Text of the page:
I recently left a big tech company that was trying to solve big problems, the biggest problems really: poverty, urban blight, cyberterrorism, endemics, you name it. The scope of such design projects was exhilarating, but deep down I think I knew we couldn’t possibly design our way out of the big picture. There is a temptation when your brain is full of grand scales to view design as if it is some sort of alchemy, where we can turn a few experiences into one-size-fits-all gold.
If you want to solve a big problem, solve it small first.
Now I work at Yieldmo, an ad tech startup in an era of publishers shifting to mobile. I’ve spent the last few months with a small team trying to solve one problem: a better mobile ad. As it turns out, this dramatic narrowing of scope from global super software to humble microinteraction is changing a lot about how I think about product design.
Designing when you feel like the world is on your shoulders is exciting, but also frustrating and exhausting. Trying to calculate every moment of a user flow, every nuance, every external factor at such a scale is an exercise in futility. And let’s be honest, in many cases when things go off course, design teams will shrug or talk about the next release or argue about testing results. That practice doesn’t sit well with me.
In the 19th Century, Pierre-Simon Laplace theorized that the future could be known by a daemon that possessed knowledge of every bit of matter and its properties. He postulated that if this daemon took a snapshot of a moment, calculated every force, every variable of everything happening and then stepped ahead to the next snapshot, it could, according to Newtonian principles of causality, calculate the next moment of the future.
Unfortunately, I am no such daemon. I can only predict a handful of factors, even with lots of time to research. Inevitably, things go differently than I expect. When you’re designing at scale, this is a catastrophic phenomenon. Projects like this are often called, “slippery problems,” because the problems change more as you narrow in on them. But when you’re designing small, the outcomes of your design are more predictable. You’re designing at a depth that’s right for your human intelligence, not some daemon.
Watching _The Karate Kid_ at 10 years-old, I was pretty annoyed that I’d signed up to watch a karate movie and I was watching some kid do chores instead. But Mr. Miyagi’s wisdom reveals itself, as Daniel is trained to turn the movements he learned in waxing cars, painting fences, and sanding floors into blocks, punches, and kicks. There is something sobering and wise about focusing on a single interaction, mastering it, and realizing its taught you how to do something bigger.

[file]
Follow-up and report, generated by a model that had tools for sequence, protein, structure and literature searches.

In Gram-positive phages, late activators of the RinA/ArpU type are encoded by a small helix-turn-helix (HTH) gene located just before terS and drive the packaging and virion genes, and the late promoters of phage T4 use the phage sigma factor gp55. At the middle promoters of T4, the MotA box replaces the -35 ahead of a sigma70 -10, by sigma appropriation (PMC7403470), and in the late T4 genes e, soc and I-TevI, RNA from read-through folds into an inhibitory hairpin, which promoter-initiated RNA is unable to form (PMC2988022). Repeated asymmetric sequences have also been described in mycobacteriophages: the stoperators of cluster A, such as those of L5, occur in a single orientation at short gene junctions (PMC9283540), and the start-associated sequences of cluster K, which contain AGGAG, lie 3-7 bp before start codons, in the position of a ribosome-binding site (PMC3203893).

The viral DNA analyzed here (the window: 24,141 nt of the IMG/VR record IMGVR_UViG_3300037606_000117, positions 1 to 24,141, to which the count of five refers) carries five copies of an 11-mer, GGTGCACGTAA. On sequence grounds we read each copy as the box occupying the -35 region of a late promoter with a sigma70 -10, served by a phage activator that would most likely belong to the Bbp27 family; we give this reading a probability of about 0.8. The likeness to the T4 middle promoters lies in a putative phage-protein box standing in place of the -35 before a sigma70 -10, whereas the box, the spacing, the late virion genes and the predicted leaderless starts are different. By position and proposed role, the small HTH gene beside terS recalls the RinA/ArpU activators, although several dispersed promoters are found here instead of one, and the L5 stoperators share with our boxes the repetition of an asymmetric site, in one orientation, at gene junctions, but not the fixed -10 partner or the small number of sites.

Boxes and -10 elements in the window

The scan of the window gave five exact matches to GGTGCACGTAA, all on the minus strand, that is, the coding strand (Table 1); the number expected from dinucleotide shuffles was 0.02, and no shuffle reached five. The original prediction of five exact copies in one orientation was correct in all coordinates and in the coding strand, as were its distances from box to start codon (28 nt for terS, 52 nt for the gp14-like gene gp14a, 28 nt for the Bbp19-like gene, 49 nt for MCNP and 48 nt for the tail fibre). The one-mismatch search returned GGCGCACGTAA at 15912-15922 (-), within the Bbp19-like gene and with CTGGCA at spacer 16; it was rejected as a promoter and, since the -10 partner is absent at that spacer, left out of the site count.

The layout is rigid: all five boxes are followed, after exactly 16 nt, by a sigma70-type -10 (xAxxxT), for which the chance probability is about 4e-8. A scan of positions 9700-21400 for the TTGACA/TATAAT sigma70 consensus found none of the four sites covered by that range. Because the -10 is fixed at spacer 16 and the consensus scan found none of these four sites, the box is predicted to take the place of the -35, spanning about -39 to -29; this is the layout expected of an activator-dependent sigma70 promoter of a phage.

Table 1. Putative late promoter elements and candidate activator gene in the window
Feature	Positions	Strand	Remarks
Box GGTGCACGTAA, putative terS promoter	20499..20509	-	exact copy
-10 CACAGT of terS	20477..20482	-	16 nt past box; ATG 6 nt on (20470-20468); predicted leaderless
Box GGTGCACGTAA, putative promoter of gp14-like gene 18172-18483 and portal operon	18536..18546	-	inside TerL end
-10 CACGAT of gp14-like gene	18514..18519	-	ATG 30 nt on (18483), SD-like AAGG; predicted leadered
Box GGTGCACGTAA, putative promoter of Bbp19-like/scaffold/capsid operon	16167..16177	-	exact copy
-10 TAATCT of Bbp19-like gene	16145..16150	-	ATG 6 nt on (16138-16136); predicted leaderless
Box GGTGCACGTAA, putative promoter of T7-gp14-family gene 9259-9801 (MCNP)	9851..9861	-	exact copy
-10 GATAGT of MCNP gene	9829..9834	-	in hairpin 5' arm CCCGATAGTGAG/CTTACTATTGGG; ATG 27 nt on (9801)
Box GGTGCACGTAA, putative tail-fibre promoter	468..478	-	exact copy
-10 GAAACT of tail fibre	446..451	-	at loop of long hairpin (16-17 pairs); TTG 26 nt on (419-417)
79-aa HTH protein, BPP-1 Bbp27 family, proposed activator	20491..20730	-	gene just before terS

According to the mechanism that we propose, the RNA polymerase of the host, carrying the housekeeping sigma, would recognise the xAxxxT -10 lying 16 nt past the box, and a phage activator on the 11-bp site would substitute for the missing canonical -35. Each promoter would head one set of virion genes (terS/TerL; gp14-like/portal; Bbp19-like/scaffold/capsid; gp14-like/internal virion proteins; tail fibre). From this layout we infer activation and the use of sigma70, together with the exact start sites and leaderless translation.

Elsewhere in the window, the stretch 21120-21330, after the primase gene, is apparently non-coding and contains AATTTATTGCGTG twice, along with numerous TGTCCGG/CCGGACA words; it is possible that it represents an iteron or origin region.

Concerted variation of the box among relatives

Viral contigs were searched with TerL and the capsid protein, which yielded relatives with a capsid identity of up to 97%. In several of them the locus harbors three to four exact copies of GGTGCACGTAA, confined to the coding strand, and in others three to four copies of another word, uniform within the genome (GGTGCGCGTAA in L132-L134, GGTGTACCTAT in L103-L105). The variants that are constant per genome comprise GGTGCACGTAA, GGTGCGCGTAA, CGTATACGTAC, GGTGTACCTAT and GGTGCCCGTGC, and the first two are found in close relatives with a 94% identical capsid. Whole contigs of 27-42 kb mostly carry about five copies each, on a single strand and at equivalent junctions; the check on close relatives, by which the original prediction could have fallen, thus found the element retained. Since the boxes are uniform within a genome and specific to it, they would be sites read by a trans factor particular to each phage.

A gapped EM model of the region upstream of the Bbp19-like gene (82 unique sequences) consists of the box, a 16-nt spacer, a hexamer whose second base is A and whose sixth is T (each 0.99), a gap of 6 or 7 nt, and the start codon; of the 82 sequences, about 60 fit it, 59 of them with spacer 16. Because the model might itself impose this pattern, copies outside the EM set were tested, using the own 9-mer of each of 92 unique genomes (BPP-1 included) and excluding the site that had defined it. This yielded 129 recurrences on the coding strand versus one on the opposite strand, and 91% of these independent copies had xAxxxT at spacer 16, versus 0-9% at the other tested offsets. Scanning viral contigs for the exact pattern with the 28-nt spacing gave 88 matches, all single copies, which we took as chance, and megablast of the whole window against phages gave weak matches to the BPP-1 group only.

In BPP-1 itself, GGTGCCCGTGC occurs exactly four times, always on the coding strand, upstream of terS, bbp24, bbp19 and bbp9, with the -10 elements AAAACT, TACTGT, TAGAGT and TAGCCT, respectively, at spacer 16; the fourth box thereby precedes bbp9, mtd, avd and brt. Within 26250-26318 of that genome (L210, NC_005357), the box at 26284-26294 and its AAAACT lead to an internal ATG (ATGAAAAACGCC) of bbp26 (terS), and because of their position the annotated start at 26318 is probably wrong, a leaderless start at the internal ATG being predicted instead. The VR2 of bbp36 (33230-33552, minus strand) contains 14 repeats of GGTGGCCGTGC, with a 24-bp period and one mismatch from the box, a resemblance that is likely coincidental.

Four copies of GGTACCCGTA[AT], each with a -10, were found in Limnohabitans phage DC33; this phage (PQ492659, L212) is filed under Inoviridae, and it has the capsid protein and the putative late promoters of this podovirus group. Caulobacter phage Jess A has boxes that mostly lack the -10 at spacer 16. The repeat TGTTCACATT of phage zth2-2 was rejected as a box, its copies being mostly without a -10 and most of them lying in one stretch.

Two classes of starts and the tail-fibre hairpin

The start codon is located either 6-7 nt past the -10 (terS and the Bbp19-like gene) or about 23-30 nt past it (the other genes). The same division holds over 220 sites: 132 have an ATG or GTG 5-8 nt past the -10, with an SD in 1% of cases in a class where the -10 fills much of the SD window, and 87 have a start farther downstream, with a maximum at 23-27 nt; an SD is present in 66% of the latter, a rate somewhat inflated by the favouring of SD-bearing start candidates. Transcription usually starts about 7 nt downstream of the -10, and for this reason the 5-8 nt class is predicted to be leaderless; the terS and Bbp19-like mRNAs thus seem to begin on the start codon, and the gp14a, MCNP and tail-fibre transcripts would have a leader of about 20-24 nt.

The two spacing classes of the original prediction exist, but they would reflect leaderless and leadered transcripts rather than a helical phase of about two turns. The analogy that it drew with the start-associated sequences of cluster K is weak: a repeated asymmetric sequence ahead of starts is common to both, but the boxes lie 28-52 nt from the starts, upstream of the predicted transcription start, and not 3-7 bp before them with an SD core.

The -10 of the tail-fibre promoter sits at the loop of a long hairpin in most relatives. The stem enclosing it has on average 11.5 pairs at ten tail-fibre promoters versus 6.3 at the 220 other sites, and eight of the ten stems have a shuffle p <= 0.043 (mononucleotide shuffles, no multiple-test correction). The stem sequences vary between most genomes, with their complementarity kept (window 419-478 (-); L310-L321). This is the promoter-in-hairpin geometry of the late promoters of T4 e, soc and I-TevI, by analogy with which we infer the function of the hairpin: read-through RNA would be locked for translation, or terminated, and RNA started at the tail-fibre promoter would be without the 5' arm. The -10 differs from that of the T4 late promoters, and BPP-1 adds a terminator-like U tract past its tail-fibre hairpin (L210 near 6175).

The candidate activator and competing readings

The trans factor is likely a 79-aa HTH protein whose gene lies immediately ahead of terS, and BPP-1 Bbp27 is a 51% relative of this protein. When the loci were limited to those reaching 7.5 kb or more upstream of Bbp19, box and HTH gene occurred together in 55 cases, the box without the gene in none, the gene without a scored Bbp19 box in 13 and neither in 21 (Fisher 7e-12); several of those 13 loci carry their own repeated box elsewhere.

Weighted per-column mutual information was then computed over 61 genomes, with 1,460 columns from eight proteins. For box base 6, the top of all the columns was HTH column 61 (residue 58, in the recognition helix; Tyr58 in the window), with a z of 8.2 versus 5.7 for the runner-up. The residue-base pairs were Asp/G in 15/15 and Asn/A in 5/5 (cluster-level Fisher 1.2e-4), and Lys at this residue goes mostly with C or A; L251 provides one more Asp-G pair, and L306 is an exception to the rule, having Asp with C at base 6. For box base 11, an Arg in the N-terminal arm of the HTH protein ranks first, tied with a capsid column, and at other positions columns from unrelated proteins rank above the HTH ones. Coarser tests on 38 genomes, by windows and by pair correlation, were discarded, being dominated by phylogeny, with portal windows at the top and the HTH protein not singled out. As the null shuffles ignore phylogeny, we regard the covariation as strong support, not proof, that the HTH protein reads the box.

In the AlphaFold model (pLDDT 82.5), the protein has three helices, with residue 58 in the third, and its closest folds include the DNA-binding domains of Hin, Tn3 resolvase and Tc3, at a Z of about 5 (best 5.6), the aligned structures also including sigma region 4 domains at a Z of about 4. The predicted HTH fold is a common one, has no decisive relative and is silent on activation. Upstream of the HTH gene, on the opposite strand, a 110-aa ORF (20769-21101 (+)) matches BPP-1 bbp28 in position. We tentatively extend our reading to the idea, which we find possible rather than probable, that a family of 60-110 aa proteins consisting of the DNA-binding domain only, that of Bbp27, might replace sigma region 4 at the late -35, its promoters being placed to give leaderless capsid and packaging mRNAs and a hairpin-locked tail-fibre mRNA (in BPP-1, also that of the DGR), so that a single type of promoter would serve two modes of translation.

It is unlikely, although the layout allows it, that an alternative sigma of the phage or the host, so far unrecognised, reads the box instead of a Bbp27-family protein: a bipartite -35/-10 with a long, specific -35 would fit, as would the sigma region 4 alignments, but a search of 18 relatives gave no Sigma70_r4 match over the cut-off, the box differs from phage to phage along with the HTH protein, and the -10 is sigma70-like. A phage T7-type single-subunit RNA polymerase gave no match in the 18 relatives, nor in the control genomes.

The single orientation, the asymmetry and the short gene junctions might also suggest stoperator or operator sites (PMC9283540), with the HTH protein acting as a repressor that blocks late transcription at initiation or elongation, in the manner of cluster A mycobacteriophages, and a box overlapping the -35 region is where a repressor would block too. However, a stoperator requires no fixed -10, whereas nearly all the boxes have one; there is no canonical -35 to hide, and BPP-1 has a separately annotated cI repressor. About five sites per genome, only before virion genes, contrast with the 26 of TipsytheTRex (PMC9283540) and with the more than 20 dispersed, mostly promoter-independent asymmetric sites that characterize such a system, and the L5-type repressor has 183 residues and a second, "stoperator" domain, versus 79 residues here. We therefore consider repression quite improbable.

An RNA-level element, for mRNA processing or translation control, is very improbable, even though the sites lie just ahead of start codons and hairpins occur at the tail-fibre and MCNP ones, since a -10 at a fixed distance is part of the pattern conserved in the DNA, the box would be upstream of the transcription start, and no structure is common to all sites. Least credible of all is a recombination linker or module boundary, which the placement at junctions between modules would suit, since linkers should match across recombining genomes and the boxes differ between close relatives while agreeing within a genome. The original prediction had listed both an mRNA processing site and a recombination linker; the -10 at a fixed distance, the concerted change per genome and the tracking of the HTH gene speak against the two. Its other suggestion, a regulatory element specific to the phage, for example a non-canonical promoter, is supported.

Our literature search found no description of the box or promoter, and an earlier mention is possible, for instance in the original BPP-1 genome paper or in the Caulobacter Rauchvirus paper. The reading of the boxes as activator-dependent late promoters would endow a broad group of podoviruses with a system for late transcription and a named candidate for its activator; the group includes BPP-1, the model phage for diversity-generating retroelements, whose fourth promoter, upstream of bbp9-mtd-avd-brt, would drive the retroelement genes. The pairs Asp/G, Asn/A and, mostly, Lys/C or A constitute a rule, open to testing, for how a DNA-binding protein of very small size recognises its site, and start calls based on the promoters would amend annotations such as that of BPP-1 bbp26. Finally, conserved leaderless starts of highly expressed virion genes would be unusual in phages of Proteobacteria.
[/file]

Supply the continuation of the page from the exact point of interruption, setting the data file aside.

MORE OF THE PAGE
At Yieldmo, we still do big things. Our ads are seen millions of times per day and our optimization engine is collecting tons of data about how people engage with them. But as designers, we stay focused on individual moments, not magnanimous systems. I think this could be a new way to design large systems. Imagine an interface that wasn’t built in one large version release, but instead was hundreds of components which all change constantly based on the context of how you behave, what the time of day is, how you perform under pressure, etc. In effect, by focusing on microinteractions (waxing on and waxing off), we’re actually winning the championship and getting the girl.
It’s a lot more work to design hundreds of moments and string them together. Yieldmo is the first company of its kind to invest in a design lab like ours and we believe its the only way to do it. If we tried to make something for everyone with one blanket design, we’d inevitably alienate millions of users and contexts.
There are two big areas that I’ve already learned quite a bit about from focusing on small contexts: motion and responsiveness. I’ve found that large motions work well in larger rich media formats, but subtle motions in the same size unit are often lost. In general, motion needs to be big on small screens.
Responsiveness is different at this scale too. Now, phones have higher resolutions and many tablets have higher resolutions than some desktops. All these shades of gray in device sizes has made it a necessity to design at many more breakpoints. The usual three (phone, tablet, desktop) won’t cut it anymore. At Yieldmo, we design triple the number of traditional breakpoints across a mere few inches of width change. This ensures our designs always look good.
It’s a lot more work to design small, but doing things right usually does take work. Sometimes there will be pushback about spending the effort on such a complex system of small design, but the truth is, can you afford to do it any other way? It is more costly to pursue shortcuts with one-size-fits-all solutions, than to take time and design it small.